I picked up this habit in the Harry Potter fandom, which aside from being a community of writers also happens to be 99% female. Women's writing tends to include many more phatic expressions, because (particularly in something as socially-constructed as fandom) its purpose is often relationship-building. I adapted to fit in; before then, my writing style often tended to be brusque, mechanical, and to-the-point.
I still use my old style in technical posts, where I figure the reader can deal with any unintentional rudeness. For example, compare the last paragraph of this: http://news.ycombinator.com/item?id=144001 to this comment: http://arclanguage.org/item?id=3103
I agree, but I don't think it's because they're hard to defend rationally. Instead, I think it's because they're an essential part of their identity. If I criticize you're choice of colors, that's not something that you can defend rationally, but you won't be too concerned if you're not much of a design person. On the other hand, if you're an academic who built a career on some theory, criticism to your theory will be very personal. The issue here is one of cognitive dissonance. It's very difficult to differentiate between critcism for someone's choice and general mean-spirited feeling for that person.
One of my peeves is the use of "in my opinion ..." since pretty much anything anyone says is, by definition, their opinion.
Yet your mention of the phatic (thanks, too, from teaching me a new term) is interesting. Those little qualifiers, even when not strictly needed, do seem to keep the wolves at bay.
But that doesn't at all mean that it should play the same role in writing.
You say phatic language is about maintaining the connection. If I understand this correctly then there's a role for it also with people one does know well. If you prefer referential conversation and meet someone who's completely restricted to that part of language, you may initially enjoy the conversations a lot. But, after some time (this could be months or years), despite their referential content they may appear increasingly "empty": you realise you're still completely replaceable as a conversation partner by a random new person.
The bit about using phatic language mostly with people one doesn't know well is not from Jakobson. I made it up, and it's probably wrong. I didn't go over that sentence 20-50 times :).
But as there are four other components according to Jakobson, I should be careful. Added Jakobson to my reading list.
What does that mean? No online dictionary I regularly use lists "aphatic". Google turns up a geology term here with a different spelling.
 - http://www.greengonzo.com/dictionary/Aphantec.html
When you read, say, Mencken, you know it's an op-ed and to take everything with a grain of salt. He would even contradict himself from one piece to the next. You just chew on the points and smirk to yourself when you see the flaws. No, Mencken definitely didn't write like he was trying to be your likable friend.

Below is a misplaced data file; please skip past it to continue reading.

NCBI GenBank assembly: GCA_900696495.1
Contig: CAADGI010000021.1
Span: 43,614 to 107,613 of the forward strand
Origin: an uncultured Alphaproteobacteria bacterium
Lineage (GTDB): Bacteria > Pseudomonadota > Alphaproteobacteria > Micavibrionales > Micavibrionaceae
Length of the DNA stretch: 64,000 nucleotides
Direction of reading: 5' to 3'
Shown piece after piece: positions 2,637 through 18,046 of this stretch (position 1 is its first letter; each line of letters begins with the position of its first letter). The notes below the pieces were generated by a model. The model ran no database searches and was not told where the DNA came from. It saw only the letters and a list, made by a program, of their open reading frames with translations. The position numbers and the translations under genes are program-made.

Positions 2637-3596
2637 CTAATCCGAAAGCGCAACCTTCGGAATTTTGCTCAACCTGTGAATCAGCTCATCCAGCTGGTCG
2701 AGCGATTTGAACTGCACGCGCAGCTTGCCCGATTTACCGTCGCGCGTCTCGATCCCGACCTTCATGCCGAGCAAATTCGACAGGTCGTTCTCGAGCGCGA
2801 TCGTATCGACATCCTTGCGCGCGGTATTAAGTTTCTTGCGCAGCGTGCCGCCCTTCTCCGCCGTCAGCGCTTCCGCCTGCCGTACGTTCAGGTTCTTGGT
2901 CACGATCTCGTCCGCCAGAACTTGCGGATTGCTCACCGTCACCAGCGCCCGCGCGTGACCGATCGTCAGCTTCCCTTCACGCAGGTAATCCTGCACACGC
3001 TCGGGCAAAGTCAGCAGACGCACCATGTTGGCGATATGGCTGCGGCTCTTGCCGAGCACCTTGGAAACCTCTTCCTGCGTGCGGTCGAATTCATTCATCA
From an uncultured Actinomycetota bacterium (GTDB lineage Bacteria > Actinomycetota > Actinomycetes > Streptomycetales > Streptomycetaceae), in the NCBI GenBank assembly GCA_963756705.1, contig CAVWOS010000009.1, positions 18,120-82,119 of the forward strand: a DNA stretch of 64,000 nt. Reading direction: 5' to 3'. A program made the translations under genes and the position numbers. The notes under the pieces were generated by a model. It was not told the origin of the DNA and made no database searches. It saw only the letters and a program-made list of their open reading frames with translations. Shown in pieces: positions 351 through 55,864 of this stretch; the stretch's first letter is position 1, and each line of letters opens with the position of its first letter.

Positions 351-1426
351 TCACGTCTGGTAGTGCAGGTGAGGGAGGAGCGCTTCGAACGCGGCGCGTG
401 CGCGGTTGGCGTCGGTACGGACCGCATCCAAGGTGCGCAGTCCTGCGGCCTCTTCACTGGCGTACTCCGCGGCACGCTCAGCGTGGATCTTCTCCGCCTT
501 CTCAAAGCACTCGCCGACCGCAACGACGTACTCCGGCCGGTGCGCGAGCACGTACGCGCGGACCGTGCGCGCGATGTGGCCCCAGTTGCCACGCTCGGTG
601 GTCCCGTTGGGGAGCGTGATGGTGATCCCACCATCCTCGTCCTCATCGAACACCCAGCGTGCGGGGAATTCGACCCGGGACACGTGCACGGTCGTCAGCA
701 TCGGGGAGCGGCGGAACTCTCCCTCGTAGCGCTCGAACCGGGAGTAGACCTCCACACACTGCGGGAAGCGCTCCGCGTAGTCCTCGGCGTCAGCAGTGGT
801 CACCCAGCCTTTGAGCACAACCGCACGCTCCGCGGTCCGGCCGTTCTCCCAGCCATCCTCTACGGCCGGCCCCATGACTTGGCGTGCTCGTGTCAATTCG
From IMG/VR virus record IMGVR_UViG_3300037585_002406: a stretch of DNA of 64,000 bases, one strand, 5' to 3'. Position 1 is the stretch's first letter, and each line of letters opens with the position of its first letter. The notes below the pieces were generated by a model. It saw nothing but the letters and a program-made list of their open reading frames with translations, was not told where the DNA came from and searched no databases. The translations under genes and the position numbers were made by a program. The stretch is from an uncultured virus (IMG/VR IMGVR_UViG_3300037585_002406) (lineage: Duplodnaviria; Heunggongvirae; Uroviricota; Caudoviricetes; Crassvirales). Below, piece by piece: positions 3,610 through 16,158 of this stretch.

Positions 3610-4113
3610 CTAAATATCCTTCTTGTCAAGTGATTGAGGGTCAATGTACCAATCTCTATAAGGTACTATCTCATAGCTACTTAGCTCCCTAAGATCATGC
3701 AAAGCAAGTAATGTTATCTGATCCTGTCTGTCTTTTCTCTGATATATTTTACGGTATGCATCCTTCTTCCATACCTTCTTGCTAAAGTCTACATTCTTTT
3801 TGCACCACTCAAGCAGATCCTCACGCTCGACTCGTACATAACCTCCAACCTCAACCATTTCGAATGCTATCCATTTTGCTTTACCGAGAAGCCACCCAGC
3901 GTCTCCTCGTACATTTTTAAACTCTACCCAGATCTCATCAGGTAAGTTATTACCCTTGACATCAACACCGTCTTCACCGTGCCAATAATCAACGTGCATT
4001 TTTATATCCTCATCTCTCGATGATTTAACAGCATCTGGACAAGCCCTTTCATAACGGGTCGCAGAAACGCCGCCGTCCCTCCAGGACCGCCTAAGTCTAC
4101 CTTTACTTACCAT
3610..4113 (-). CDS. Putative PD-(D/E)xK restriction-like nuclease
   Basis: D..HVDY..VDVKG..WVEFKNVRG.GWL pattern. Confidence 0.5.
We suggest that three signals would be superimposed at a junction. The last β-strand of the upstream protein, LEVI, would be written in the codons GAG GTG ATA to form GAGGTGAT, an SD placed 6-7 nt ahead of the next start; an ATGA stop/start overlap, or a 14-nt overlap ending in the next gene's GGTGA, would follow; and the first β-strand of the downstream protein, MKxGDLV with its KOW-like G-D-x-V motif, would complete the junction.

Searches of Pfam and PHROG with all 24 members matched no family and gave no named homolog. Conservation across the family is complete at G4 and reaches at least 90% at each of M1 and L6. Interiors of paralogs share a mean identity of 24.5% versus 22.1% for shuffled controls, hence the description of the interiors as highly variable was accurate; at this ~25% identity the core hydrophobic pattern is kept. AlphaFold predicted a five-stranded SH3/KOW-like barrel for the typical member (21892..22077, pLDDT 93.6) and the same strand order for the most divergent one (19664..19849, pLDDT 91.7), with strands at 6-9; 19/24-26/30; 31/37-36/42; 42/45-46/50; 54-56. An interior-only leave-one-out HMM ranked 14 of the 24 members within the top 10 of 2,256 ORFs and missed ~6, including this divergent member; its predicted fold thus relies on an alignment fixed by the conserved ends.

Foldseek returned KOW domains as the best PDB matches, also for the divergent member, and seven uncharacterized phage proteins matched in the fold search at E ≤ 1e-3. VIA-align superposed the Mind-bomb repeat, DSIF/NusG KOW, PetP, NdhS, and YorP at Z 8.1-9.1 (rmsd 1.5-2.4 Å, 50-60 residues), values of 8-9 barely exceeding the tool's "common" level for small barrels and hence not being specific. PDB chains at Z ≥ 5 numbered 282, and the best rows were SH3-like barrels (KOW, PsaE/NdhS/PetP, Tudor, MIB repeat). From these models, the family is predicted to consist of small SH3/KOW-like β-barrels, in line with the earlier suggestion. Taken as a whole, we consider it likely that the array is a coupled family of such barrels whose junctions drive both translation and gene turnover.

Graham writes like he's building a legal case or trying to get published in a scientific journal, even though the pieces are really casual observational op-eds. The style invites you to poke holes and take each point too literally.
People are used to writing styles adapted to the format for good reason. The reactions like this to Graham's pieces make a good case for learning and using rhetoric.
If what you mean by casual is that I haven't thought
much about what I'm saying, I disagree. In a typical
essay I probably go over every sentence 20-50 times.
When I'm unsure of something I'm saying, I try to
be precise about the uncertainty. So while I
may often be wrong, it's not out of carelessness.
I believed you because I know what you're talking about. However, for a skeptic, it leaves the door wide open for them to say that you're just seeing what you want to see. Also, you come across as someone who thinks his five-minute subjective impression gives him the right to dismiss other people's life choices. They feel justified in writing you off as arrogant.
So, a couple of suggestions:
1) If you're going to present an argument from subjective observation, the example has to be very vivid, almost like a novel. The reader has to be compelled to your conclusion by feeling like they are observing things right along with you. Specific details are important. These corporate programmers -- did they wait glumly and patiently in line, or were they eager with anticipation to get back to what they were doing? Did they mumble to the barista while looking away, or speak forthrightly, making eye contact?
2) Rhetoric becomes great when you point out the invisible monsters in the room, and tame them. When you talk about startups to people who are not in startups but could be, these monsters are envy and self-doubt. You have to deal with the fact that your audience sees other people growing rich or at least having fun, and is plagued with self-doubt about whether they are chickenshits. Given a chance they'll project their self-doubt onto you, the person who raises the question. There are various strategies to prevent this from happening, but i-could-be-wrong is not one of them. The main one is to get people to identify with you before you move into more challenging territory. It does require more space to accomplish this, but it's far from filler, it's essential.
No. It's hard to dig out somebody's argument when it's surrounded by self-deprecating rhetorical armor. Presumably pg wants the argument front-and-center. That way if he convinces you, it's definitely the argument and not the rhetoric that's doing it. If you disagree then you know exactly what you're disagreeing with. Ignore the ad-hominem people; they'd just find something else that's wrong with you.